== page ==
What Can I Do About Varicoceles?

Doctor urologist holds a picture of the patients ultrasound whose epididymal cyst Pain in your scrotum can be debilitating and make daily activities a challenge.

You may think the pain means you’ve pulled a muscle in the area. But sometimes, this issue is more than what it seems. Prolonged pain in your scrotal area may be related to Varicoceles

Here are some signs to look for if you believe you have varicoceles and how to treat them.

What Causes Varicoceles?

Varicoceles are testicular veins that have pooled with blood.  They usually start between 15 and 25 years old and form from enlarged veins in the scrotum.  It’s believed that defective scrotal veins are a cause of Varicoceles. When valves in scrotal veins malfunction, it can cause blood flow to slow down. Sluggish blood flow means your heart has to work harder to deliver blood through the area. This combination creates extra pressure in the vein, causing it to swell and cause discomfort.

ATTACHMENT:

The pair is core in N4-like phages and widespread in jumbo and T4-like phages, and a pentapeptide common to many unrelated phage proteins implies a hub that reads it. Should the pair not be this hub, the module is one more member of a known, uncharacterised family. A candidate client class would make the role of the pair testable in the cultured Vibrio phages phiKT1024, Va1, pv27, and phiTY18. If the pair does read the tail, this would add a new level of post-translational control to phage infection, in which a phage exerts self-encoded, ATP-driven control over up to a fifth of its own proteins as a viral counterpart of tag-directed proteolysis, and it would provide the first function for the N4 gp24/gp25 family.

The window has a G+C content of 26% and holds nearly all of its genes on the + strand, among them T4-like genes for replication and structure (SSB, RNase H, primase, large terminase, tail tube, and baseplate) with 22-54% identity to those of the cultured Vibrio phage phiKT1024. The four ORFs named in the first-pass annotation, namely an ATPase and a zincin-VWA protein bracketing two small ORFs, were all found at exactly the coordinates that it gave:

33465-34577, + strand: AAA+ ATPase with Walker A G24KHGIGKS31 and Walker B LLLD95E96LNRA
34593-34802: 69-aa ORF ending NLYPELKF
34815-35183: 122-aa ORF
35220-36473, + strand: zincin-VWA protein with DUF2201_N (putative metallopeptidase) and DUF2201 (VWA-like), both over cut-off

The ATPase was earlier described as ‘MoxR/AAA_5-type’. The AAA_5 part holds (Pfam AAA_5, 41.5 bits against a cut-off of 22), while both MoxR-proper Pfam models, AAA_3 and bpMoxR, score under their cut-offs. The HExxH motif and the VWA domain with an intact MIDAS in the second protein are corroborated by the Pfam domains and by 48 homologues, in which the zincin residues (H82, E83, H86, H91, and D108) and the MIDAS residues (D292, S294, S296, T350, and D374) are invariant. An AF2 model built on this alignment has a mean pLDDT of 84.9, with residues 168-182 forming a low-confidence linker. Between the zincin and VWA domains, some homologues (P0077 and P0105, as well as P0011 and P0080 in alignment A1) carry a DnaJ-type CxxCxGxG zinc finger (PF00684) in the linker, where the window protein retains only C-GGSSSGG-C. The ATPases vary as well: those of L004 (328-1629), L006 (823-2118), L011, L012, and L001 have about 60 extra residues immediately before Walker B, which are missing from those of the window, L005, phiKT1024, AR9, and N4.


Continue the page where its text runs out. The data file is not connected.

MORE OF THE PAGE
Symptoms of Varicoceles

Data suggests that 15 out of every 100 men has Varicoceles. Most Varicoceles are harmless. But, some men can develop noticeable symptoms.

These can include:

  • Differently sized testicles
  • Dull, aching pain 
  • A mass in the scrotum
  • Infertility

You may notice varicoceles during a self-examination. The way varicoceles look and feel gives them a description of a bag of worms. If you have symptoms and notice changes in your scrotum, speak to your doctor as soon as possible.

How Are They Treated?

A urologist can confirm the diagnosis of varicoceles from a physical examination. Once varicoceles are confirmed, varicocele embolization is the treatment of choice for urologists. The procedure involves inserting a small catheter into your jugular to send it to the faulty vein(s). The catheter delivers blocking agents to stop blood flow to the varicocele. Without blood flow, the varicocele shrinks and dies off. The procedure is a minimally-invasive alternative to surgery that takes a few hours. Varicocele embolization uses only local anesthesia and leaves no scarring at the incision site. With a 90 percent success rate, you can be confident that the procedure is safe and effective. It only requires a short observation period before you go home. 

If you want to learn more about varicoceles, contact The Vascular Institute of Virginia. Schedule your consultation at any of our 3 locations by calling us at 703-763-5224.

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